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Signs of the Times?
Andy Bustanoby
(C) November 5, 2005

   Two devastating hurricanes on the Gulf Coast, an earthquake in Pakistan
   estimated to have killed 40,000 and now, possibly, a pandemic of bird
   flu that will kill millions--what's going on?  According to news
   reports, not only are preachers speaking about these events, ordinary
   citizens also are talking and asking, Are these signs of the times--the
   end of the world?

   Most frequently, Matthew 24-25 is mentioned where Jesus prophesied the
   destruction of the temple (which happened in 70 A.D.).  On the occasion
   of that prophecy the disciples asked, "Tell us, when will this happen,
   and what will be the sign of your coming and of the end of the age?"
   (Mt. 24:3).   Jesus answered that there will be wars, famines and

   Both the pulpit and the public are saying that we are seeing these
   signs today.  Often, the horrors described in the Book of Revelation
   are thrown into the mix--the seven seals of the scroll, the seven
   trumpets and the seven vials.

   I hate to tell you, but what we are seeing today is nothing compared to
   what is coming in the day that Jesus speaks of.  Let me explain.

   The Gospel of Matthew was written for a Jewish audience well versed in
   Old Testament prophecy.  The time that Jesus speaks of He identifies
   with a reference to the prophet Daniel (Dan. 9:27).

   Matthew 24:15 speaks of this period by referring back to the prophet
   Daniel (Dan. 9:27, 11:31, 12:11).  This period, called "Daniel's
   Seventieth Week," a period of seven years, is also identified as the
   beginning of "the Day of the Lord" by seven of the Old Testament
   prophets and also in First Thessalonians 5:2, Second Thessalonians 2:2
   and 2 Peter 3:10.  God's judgment is paramount in all of these
   passages.  Matthew 24 speaks of the beginning of the day of the Lord,
   often called "the tribulation."  It is the return of God's attention to
   the nation Israel and His judgment on the world.

   Now chronology is important here.  When Jesus, in Matthew 24:15, speaks
   the abomination of desolation spoken of by Daniel the prophet, he is
   referring to Daniel 9:27 and an event that occurs in the middle of the
   seventieth week, the middle of the seven year tribulation.

   If this is so, the events of Matthew 24:2-14 cannot be happening prior
   to Daniel's seventieth week.  They are events in the first half of the

   What I say now is absolutely important to the chronology of events.
   The Apostle Paul makes it absolutely clear that "the day of the Lord
   will come as a thief in the night" (1 Thess. 5:2).  People will not be
   looking for the start of the day of the Lord and all of those horrible
   signs spoken of in Matthew 24.  In fact, they will be saying, "Peace
   and safety" when the time of destruction comes (1 Thess. 5:3).

   The Thessalonians were grieving because they thought that their dead
   loved ones had missed out on the coming of Christ (2 Thess. 2:1-12.  He
   comforts them in 1 Thessalonians 4:13-5:3 with the message that the day
   of the Lord will begin with an event called the "rapture" where the
   dead and living who belong to Christ will be "caught up" to be with the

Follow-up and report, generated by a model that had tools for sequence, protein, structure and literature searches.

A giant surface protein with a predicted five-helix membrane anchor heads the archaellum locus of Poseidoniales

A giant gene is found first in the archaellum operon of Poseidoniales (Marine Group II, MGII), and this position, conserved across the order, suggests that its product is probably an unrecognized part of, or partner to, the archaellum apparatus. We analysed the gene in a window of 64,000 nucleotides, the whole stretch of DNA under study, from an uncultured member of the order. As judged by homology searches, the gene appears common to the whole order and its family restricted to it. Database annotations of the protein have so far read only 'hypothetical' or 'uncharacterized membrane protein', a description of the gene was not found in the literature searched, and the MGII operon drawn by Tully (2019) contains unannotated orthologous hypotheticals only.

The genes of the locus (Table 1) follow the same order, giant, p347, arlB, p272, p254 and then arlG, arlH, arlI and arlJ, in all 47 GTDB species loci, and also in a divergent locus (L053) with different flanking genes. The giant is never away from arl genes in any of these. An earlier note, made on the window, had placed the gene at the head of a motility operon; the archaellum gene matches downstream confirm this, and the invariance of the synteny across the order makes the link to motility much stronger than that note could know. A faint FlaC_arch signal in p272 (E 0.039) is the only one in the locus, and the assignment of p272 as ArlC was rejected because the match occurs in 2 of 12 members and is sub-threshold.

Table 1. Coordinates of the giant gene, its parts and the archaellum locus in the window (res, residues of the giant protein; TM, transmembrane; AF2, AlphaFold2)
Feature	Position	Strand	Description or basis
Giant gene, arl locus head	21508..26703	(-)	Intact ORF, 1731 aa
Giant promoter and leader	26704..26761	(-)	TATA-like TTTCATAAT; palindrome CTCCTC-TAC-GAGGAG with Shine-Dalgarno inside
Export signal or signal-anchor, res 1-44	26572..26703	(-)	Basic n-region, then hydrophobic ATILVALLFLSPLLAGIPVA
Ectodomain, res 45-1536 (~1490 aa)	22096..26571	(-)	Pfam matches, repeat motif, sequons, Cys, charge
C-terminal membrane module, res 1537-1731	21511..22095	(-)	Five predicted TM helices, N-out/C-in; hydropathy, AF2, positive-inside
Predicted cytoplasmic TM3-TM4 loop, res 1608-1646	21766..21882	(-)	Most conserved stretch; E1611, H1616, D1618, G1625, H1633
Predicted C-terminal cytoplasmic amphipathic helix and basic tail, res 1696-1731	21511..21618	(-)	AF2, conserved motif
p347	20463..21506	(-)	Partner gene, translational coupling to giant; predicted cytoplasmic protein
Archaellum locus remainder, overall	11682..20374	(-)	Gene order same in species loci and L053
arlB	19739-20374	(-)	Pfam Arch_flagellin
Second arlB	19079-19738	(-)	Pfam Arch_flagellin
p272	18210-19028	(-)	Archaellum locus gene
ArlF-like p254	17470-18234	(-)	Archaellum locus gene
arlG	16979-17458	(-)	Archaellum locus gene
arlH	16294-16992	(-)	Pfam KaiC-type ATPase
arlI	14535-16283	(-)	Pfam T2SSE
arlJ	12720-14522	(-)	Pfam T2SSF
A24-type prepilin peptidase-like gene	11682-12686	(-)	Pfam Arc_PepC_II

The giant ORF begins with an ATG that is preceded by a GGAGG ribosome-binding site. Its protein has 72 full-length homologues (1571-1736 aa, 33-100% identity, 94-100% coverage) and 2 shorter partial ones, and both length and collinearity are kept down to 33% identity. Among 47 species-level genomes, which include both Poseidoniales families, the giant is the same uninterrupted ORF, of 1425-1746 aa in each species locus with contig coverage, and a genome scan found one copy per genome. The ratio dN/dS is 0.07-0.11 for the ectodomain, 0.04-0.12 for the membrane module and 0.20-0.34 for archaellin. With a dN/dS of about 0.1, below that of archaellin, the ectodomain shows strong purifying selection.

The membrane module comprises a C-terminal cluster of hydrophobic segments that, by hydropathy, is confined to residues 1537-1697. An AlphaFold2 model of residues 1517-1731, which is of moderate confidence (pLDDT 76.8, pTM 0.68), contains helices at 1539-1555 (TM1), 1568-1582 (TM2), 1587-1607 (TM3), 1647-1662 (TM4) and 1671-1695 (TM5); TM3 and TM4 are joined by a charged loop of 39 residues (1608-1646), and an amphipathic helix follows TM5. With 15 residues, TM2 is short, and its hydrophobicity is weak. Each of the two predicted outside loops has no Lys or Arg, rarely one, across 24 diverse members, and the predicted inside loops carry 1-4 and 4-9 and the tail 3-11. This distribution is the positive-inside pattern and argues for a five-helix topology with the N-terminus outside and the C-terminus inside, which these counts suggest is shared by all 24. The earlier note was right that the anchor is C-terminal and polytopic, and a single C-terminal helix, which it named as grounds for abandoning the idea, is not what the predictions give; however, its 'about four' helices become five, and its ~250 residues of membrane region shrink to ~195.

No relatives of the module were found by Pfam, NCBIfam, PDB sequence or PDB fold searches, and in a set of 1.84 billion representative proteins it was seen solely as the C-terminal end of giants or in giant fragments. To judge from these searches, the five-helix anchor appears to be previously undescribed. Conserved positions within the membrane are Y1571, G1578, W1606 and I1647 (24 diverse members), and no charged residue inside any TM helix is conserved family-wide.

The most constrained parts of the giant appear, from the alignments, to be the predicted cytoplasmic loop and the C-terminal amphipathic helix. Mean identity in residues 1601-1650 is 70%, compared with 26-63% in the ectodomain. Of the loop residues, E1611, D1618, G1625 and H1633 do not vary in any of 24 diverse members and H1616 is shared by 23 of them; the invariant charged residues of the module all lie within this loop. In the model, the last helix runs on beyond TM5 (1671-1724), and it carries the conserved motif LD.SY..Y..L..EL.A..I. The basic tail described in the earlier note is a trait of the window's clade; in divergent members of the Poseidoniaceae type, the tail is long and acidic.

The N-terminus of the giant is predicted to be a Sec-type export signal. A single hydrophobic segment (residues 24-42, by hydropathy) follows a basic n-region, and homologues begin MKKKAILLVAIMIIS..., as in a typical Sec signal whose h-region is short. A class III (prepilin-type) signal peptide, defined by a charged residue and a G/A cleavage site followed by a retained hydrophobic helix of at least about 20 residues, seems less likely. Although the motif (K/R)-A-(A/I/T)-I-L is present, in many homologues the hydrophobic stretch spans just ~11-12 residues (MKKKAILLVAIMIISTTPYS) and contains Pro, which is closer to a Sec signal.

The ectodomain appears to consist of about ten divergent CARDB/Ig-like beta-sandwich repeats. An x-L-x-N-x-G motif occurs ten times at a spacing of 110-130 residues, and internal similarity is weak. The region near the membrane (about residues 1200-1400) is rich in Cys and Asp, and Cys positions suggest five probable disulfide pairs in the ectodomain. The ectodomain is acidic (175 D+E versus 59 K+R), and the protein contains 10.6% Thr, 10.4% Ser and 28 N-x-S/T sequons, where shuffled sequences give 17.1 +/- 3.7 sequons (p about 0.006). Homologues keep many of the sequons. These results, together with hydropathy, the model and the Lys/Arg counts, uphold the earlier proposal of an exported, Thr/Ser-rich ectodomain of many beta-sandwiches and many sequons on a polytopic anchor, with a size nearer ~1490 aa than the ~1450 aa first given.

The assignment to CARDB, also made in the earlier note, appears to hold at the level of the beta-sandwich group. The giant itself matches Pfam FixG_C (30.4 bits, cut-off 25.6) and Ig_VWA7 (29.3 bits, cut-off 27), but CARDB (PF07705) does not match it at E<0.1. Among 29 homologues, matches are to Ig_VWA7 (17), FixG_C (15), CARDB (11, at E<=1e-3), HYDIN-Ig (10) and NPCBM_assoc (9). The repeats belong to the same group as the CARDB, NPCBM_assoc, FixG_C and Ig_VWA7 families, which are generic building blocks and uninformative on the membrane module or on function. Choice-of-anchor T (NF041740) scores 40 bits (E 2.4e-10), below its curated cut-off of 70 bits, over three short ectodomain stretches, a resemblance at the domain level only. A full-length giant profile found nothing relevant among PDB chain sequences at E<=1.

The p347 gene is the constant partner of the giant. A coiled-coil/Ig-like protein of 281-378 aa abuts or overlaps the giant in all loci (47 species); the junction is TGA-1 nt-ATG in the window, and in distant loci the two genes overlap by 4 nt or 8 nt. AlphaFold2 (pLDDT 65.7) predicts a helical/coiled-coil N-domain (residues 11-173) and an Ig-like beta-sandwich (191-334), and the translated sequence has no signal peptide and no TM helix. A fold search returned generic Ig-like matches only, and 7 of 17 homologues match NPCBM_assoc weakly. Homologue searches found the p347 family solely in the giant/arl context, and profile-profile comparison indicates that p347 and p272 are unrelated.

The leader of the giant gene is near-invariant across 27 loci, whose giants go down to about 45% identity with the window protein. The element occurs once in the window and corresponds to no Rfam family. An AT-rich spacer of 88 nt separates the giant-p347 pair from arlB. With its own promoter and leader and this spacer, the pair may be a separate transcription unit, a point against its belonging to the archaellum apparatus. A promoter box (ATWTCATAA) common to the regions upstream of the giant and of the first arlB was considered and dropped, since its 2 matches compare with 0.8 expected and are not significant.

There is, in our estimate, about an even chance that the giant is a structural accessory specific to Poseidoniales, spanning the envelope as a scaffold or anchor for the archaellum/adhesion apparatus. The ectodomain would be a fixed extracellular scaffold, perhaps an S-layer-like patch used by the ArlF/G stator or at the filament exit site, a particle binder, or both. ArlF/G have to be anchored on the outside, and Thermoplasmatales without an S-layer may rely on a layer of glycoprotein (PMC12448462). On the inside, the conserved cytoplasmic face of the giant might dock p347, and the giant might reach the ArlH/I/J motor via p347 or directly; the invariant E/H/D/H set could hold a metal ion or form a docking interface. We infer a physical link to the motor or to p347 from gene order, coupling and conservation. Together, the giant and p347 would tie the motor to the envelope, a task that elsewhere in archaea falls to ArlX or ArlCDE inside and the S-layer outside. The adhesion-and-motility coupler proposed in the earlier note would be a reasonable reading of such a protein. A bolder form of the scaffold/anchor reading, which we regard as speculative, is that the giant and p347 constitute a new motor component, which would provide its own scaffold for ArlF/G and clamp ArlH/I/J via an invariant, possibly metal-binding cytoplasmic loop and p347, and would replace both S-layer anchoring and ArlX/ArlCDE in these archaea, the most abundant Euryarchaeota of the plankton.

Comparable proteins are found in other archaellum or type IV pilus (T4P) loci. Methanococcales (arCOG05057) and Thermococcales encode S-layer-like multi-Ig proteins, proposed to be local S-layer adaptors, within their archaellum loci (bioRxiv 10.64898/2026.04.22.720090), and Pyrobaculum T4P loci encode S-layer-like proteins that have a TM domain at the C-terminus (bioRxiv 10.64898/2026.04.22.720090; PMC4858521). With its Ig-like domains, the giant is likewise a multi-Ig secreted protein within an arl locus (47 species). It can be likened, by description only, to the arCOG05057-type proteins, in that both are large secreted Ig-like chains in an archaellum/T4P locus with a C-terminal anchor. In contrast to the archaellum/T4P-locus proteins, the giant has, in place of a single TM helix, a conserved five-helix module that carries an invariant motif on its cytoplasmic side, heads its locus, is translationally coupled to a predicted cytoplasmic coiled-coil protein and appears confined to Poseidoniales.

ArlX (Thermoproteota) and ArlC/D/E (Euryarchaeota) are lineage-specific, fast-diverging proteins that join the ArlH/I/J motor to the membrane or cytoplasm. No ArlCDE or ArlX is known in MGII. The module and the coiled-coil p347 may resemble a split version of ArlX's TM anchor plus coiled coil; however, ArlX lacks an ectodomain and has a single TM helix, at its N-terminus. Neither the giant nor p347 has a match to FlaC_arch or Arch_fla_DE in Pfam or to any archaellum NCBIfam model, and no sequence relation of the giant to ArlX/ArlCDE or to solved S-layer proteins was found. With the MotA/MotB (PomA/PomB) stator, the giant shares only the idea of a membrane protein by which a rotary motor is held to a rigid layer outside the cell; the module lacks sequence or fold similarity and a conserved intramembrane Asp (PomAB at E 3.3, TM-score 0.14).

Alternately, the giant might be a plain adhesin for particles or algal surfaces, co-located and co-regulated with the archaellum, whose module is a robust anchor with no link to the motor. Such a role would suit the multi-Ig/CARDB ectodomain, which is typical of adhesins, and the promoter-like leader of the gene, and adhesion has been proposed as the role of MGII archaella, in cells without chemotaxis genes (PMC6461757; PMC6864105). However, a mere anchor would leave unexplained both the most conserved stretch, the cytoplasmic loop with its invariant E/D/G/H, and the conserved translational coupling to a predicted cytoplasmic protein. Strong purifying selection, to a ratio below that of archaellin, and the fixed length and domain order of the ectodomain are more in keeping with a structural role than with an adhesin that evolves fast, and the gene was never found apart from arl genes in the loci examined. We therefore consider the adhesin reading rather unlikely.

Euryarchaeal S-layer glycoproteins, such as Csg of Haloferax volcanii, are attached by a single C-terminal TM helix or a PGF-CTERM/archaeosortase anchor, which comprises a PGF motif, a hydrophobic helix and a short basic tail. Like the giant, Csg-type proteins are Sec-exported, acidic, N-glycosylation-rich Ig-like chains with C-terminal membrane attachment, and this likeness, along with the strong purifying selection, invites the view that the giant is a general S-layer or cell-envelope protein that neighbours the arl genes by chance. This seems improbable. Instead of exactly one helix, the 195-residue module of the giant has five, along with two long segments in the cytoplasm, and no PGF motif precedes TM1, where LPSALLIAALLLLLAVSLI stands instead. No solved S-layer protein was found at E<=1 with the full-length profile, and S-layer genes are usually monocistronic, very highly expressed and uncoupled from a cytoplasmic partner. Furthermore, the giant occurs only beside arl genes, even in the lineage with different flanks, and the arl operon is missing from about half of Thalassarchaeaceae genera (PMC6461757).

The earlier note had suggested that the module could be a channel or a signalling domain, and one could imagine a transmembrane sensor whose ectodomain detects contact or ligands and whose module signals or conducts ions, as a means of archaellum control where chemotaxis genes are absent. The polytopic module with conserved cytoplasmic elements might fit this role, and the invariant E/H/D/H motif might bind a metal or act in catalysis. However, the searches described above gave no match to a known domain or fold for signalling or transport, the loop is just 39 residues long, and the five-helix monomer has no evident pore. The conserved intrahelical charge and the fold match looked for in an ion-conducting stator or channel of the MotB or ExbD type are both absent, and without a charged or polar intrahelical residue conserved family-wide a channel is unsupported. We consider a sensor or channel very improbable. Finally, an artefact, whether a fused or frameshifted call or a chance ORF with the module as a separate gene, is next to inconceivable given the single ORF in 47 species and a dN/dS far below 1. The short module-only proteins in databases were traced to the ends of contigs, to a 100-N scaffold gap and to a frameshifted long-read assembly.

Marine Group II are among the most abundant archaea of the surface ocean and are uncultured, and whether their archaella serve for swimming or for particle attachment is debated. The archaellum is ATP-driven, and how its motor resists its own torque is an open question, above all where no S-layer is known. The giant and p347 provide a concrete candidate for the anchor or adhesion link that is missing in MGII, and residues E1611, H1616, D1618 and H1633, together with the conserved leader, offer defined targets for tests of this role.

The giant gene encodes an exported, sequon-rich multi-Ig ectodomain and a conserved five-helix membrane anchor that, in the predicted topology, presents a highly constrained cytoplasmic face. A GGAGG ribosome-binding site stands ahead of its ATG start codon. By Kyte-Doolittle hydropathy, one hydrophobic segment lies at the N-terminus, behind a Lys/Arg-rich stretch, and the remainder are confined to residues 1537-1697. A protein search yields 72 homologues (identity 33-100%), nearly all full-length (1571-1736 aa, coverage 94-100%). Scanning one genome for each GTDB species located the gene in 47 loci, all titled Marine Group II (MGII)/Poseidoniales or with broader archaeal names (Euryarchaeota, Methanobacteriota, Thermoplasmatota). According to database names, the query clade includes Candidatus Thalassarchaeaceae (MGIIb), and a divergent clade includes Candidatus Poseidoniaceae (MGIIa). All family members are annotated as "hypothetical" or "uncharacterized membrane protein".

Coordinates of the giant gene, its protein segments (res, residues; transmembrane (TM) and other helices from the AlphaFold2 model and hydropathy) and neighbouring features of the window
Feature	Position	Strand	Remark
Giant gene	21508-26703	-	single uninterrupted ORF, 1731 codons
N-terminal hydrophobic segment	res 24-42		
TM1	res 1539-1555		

Lord in the air.  The words "caught up" in the Latin Version of the
   Bible are translated "rapere," from which we get the word, "rapture."

   Paul says that the rapture begins the day of the Lord and comes
   unexpectedly!  The horrible events that open the day of the Lord, the
   tribulation described in Matthew 24 and in Revelation, are not signs
   that Jesus is about to come.  There are no signs that Jesus is about to
   come and rapture His people.  The day of the Lord starts as "a thief in
   the night."

   You see, what often happens is that the rapture, the Lord coming for
   the church is often confused with the Lord coming to earth with the
   church in the second coming at the Battle of Armageddon (Rev.

   Let me summarize:
    1. In Matthew 24:15, the "abomination that causes desolation,"
       referred to by Daniel the prophet, occurs in the middle of the
       seventieth week, the middle of the tribulation (Dan. 9:27).  If
       this is so, then the events of Matthew 24:3-14 must be in the first
       half of the week, not prior to the seventieth week, the tribulation
       and prior to the rapture.
    2. The rapture and the day of the Lord that follows the rapture,
       spoken of by Paul in 1 Thessalonians 5:1-3, will come unexpectedly,
       not preceded with signs.  It will come "as a thief in the night."
       Paul says that people will not be lamenting over horrible signs at
       that time.  They will be saying "peace and safety" (1 Thess. 5:3).

   If this is so, I must ask you, are you ready for these events--the
   rapture of those who belong to Christ and the beginning of the
   tribulation?  I urge you to read Tim LeHay's series of books called,
   "Left Behind."  Though they are fiction, they are based on the rapture
   and the day of the Lord.

   Those who are left behind at the rapture will indeed experience what
   Jesus is talking about in Matthew 24 and what John speaks of in
   Revelation.  If you think that the world-wide catastrophes we have seen
   recently are terrible, you haven't seen anything yet!

   This raises the question, Will you be left behind to experience the
   horrors?  One of these days you will meet Jesus--either as your Savior
   or Judge.  Jesus, when on earth, said, "I am the way and the truth and
   the life.  No one comes to the Father except through me" (Jn. 14:6).

   Dear friend, don't be left behind.  Come to Jesus now.  There will be
   nothing to warn you that the terrible day of the Lord has arrived.
   There will be no signs that tell us the time has come.

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